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A123 Systems banking on new battery tech

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The startup says an improved version of its lithium-ion battery cell technology could lead to lighter, longer-lasting battery packs that will lower the cost of electric vehicles.

A123 Systems says an improved version of its lithium-ion battery cell technology, which was unveiled today, could lead to lighter, longer-lasting battery packs that won't require heating or cooling systems and ultimately, will lower the cost of electric vehicles.

A123, which supplies batteries to Fisker Automotive and GM's Spark electric car, has struggled considerably in recent months to keep manufacturing costs in line and remain competitive.

A tepid U.S. electric car market hasn't helped. For instance, combined sales of the Chevrolet Volt and Nissan Leaf from January through April 2012 didn't reach the 10,000 mark. And A123, which posted sharply lower revenues and losses for the first quarter of the year, has had to finance a recall program to replace batteries with defective cells. These problems led A123 to issue last month a going concern warning, which pushed share prices down sharply.

A123 is counting on this latest tweak to its technology, called the Nanophosphate EXT, to revive its existing business and open up potential new applications for lithium-ion cells in the telecommunications and transportation industries.

A123's new battery could be used to replace the lead acid batteries that currently provide backup power to cell tower sites and possibly replace ordinary lead acid batteries used in cars today.

The Nanophosphate EXT was designed to operate at extreme temperatures without requiring a heating or cooling system. The tech is expected to improve the cold-cranking capabilities of A123's lithium-ion 12V Engine Start battery. If successful, it would eliminate the primary performance advantage of lead acid in starter battery applications, A123 said.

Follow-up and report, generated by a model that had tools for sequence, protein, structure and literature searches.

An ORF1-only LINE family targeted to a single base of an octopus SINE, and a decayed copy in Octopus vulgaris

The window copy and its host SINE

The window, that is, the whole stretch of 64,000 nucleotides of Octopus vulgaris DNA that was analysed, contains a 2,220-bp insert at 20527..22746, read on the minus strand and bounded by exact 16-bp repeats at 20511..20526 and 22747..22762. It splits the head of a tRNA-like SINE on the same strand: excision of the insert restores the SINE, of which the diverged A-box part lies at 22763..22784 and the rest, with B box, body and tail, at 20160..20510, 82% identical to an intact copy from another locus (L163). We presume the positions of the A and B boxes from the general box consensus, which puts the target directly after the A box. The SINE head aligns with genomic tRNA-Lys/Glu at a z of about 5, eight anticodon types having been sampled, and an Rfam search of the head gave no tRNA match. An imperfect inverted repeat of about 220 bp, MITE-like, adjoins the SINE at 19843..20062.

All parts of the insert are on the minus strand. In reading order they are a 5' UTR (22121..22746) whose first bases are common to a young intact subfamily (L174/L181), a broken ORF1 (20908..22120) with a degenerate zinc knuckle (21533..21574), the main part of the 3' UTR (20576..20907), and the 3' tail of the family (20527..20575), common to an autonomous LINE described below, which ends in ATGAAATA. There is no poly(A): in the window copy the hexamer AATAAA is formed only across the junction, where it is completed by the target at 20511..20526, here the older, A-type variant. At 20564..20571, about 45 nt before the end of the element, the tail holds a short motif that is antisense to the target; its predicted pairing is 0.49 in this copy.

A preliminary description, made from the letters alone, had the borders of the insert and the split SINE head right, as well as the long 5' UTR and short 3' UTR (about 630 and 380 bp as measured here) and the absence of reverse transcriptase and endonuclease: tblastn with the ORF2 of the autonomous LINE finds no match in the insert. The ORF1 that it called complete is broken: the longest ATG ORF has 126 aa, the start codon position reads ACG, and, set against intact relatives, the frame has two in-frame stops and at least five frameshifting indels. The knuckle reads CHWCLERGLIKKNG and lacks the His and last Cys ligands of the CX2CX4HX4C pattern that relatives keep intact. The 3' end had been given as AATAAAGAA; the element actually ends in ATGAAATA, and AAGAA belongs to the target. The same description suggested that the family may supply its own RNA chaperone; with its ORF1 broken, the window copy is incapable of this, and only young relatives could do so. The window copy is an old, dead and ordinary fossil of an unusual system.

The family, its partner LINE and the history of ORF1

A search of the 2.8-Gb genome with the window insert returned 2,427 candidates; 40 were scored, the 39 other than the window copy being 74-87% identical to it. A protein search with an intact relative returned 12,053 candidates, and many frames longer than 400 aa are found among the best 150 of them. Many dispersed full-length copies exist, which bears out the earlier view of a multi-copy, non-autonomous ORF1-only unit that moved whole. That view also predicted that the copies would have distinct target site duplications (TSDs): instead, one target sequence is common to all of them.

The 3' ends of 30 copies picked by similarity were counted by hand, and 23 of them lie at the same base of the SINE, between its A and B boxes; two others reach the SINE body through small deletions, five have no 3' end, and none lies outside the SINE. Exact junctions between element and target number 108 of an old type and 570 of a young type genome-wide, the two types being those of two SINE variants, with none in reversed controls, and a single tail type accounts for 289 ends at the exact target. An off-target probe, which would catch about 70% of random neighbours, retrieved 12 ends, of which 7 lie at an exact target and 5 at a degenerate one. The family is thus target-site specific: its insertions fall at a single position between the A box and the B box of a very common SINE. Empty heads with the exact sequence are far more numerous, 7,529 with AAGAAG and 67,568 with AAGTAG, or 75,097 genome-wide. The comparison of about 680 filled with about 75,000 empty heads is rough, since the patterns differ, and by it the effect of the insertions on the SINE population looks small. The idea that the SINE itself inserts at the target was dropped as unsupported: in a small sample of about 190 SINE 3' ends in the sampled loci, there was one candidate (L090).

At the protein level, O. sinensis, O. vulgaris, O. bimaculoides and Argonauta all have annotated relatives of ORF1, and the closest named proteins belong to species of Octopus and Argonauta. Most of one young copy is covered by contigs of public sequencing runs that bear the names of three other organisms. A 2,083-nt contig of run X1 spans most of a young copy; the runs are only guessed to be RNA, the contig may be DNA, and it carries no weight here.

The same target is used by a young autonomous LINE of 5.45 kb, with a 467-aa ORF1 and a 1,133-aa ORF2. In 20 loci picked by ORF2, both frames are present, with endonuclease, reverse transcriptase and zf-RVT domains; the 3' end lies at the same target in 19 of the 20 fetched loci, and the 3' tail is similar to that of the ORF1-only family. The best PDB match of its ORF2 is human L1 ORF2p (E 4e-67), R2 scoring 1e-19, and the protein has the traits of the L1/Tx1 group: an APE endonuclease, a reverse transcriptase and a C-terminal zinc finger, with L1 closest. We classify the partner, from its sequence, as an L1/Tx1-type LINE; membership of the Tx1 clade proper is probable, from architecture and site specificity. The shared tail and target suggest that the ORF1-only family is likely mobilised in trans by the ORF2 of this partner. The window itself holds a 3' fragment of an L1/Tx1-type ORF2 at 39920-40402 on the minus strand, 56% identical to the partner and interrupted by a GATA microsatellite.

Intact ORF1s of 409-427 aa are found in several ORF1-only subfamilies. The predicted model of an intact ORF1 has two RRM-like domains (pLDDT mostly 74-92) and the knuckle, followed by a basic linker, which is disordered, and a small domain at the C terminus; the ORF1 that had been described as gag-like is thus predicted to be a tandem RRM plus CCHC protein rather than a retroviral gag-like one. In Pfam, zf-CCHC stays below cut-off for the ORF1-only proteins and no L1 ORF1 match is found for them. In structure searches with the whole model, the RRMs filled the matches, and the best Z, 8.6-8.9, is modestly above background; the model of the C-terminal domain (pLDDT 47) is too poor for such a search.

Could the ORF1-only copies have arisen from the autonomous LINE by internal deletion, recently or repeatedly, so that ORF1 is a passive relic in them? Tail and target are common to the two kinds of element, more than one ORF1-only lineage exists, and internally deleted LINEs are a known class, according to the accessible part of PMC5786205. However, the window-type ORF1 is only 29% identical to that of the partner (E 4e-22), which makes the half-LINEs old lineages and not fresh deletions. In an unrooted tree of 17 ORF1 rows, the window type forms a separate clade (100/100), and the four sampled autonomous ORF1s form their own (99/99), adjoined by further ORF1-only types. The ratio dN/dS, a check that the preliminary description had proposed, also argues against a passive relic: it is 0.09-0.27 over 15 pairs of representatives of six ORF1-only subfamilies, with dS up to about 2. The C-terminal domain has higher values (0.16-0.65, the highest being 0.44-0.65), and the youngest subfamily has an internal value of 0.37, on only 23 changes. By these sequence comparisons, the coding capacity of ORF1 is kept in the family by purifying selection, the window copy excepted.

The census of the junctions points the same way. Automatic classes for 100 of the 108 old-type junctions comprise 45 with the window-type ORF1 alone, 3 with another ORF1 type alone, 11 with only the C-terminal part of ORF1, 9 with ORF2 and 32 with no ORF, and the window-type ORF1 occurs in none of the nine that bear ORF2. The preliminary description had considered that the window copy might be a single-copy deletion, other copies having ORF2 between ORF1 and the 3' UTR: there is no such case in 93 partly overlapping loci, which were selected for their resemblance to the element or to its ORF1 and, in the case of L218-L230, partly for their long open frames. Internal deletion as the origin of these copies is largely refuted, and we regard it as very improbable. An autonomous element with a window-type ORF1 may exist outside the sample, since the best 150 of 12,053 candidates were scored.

A123 didn't provide a lot of details about the technology. Although initial tests performed at The Ohio State University's Center for Automotive Research have supported A123's high-temperature claims. The company says the batteries maintain 90 percent capacity after charging and discharging at 45 degrees Celsius (about 113 degrees Fahrenheit) for 2,000 charges -- the minimum magic number that automakers require for EVs.

CAR has started to test the cold temperature performance of the battery tech. A123 expects the tests will show the Nanophosphate EXT will deliver a 20 percent increase in power at temperatures as low as minus 30 degrees Celsius.

The Obama Administration also is counting on this new tech to pull A123 out of its tailspin.

The battery maker, founded in 2001, has received about half of a $249 million matching grant from the Department of Energy to build a factory in Livonia, Mich., as part of a broader funding effort by the administration to create manufacturing jobs and accelerate advanced battery technology in the United States. The administration is already grappling with the fallout of other loans and grants to cleantech companies that have since failed, such as solar startup Solyndra. Another failure wouldn't bode well for the administration, especially in a presidential election year.

Photo: A123 Systems

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Kirsten Korosec

Contributing Editor

Kirsten Korosec has written for Technology Review, Marketing News, The Hill, BNET and Bloomberg News. She holds a degree from Northwestern University's Medill School of Journalism. She is based in Tucson, Arizona. Follow her on Twitter. Disclosure